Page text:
french_welcomes_participants_to_lessons_learnt_session_1The outcomes of the review, “Lessons learnt on Early Warning Systems during the 2017 Caribbean Hurricane Season,” were presented during the Regional Platform for Disaster Risk Reduction in the Americas, taken place in Colombia from 20-22 June 2018.  The session was named “Priority Investment Opportunities to strengthen Early Warning Systems in Small Island Developing States.” The World Meteorological Organization along with regional partners the Caribbean Institute of Meteorology and Hydrology (CIMH) and the Caribbean Disaster Emergency Management Agency (CDEMA), and a gender expert led the review as part of the Climate Risk and Early Warning Systems (CREWS) initiative. 
The review found that forecasts were generally accurate and timely. However, the rapid change in intensity, especially for Hurricane Maria in Dominica, posed a real challenge. Warnings of secondary hazards, including flooding and coastal inundation were insufficient and should be improved to include impact-based forecasting. “Key findings to date that need to be addressed with some urgency include greater investment in national meteorological services to strengthen their physical and communications infrastructure, data collection networks, human and technical capacity as well as interactions with the public. While the anticipated CREWS investment strategy will address these areas of investment, it remains important that national authorities sustain the benefits of this investment,” said Mr Farrell. In terms of dissemination and communication of warnings, it was found that the risk assessments and response plans were not sufficiently connected. Risk knowledge, including the risk of river flooding and storm surge, was limited.  While a hurricane alert gives information about the intensity of wind, thresholds for secondary hazards still remain to be identified.  The review recommended that there should be follow-up into whether the message is actually received and understood... Read more       

Jamaica welcomes 'glorious opportunity' to host the next Regional Platform on Disaster Reduction in the Americas

Jamaica’s hosting of the next Americas disaster risk reduction conference is a “glorious opportunity” to raise awareness of the challenges facing the small island developing states of the Caribbean, said Desmond McKenzie, Minister of Local Government and Community Development. The Vl Regional Platform on Disaster Reduction in the Americas, held in Cartagena, Colombia, June 20-22, decided to convene the next forum in Jamaica. It is the first time that a regional platform will be held in the Caribbean, one of the world’s most vulnerable regions to extreme weather events and seismic activity. “It is a glorious opportunity, not just for Jamaica, but for the region as a whole to have a real platform for expression of our positions on disaster risk and all the associated issues,” the minister said. McKenzie said the forum will raise awareness locally, regionally and internationally of the Caribbean’s position. “To be honest many of these platforms do not afford the Caribbean the kind of exposure that is required. So, I think the hosting of a conference within the Caribbean will give greater appreciation to its needs,” he said... Read more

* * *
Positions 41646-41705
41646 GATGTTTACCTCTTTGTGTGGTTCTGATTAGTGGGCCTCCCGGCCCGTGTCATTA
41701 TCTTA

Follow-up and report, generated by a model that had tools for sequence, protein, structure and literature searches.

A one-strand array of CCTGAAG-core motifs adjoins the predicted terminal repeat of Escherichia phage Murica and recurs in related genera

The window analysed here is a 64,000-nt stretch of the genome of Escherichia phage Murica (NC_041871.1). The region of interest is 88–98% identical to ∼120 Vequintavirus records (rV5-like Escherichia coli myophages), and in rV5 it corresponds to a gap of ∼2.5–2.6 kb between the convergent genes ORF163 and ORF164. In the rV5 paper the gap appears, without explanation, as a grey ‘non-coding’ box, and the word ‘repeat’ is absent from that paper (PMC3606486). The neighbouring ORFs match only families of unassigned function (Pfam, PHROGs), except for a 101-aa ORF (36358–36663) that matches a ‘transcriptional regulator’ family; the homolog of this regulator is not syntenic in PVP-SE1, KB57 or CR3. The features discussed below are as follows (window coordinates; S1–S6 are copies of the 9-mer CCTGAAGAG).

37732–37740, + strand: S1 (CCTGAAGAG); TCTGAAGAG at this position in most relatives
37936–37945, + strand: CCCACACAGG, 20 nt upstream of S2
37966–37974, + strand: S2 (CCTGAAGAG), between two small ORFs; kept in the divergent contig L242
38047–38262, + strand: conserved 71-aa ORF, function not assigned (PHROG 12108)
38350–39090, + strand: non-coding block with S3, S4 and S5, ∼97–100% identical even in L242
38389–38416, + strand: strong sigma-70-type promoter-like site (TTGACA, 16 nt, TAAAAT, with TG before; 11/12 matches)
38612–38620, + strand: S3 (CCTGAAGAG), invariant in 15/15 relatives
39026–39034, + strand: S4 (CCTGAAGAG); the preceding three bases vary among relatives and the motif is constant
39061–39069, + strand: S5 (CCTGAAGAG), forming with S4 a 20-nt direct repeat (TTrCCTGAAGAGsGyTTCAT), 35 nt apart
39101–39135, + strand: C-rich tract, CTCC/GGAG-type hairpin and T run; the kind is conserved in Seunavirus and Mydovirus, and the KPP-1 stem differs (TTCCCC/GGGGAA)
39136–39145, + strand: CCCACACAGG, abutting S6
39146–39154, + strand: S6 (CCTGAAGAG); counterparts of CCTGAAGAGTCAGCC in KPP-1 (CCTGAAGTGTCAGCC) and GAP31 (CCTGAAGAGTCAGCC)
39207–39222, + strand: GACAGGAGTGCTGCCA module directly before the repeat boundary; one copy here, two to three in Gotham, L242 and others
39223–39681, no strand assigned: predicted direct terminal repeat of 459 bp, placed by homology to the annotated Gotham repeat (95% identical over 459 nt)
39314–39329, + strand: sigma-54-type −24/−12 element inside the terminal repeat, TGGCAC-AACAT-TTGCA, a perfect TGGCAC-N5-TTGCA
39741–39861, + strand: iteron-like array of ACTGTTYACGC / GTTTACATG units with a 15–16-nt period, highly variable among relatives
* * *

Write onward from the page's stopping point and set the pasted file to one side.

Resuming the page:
Tourism industry in Americas, Caribbean prepares against tsunami risk 


Tsunamis may be rare in the Americas but they do happen as the region is highly seismic prone. A dozen earthquakes of magnitude 7.0 or greater have occurred in the Caribbean near Puerto Rico, the Virgin Islands, and Hispaniola in the past 500 years generating more than 75 tsunamis. “We do see a general increased tsunami awareness now as the tourism sector and governments are starting to feel more vulnerable to weather related disasters,” said Amanda Charles, from the Caribbean Tourism Organization (CTO) at a session on how to reduce tsunami risk in the tourism sector held at the Sixth Regional Platform for Disaster Risk Reduction in Cartagena, Colombia last Friday.
“The tourism sector is realizing how much they can lose when disasters happen. Some are also beginning to understand that resilience can be an additional competitive advantage as well,” added Charles. “Countries such as Anguilla and the four islands of British Virgin Islands are now Tsunami ready.  St. Kitts and Nevis have annual drills, inundation and tsunami evacuation maps and Puerto Rico has developed a tsunami safety card for tourists which is accessible and distributed in hotels. “Those are considerable progresses even if we can still see some resistance from countries too cautious to scare tourists and with too many assets located in areas vulnerable to tsunamis,” Charles said.... Read more       

Jamaica Charged to Adopt Gender-Sensitive Response to Climate Change  

Canada’s High Commissioner to Jamaica, Her Excellency Laurie Peters, has called on countries of the region to adopt more gender-sensitive measures in reducing vulnerability and building resilience against climate change. She said that this can be done by integrating gender issues into policies, programmes and activities, with specific focus on empowering women and girls.

“Canada wants to see a climate smart region… that promotes environment and climate action by advancing women’s leadership and including women and girls in the planning and decision-making process,” she said. Ms. Peters was addressing a workshop dubbed ‘Conversations on Gender. The Role of Gender in Building Climate Resilience in Jamaica’, at the Waterloo Road location of the Canadian High Commission in Kingston on Tuesday (June 26). She noted that it is Canada’s hope that this inclusive approach will support initiatives that will both mitigate and adapt to climate change and also create economic opportunities for women... Read more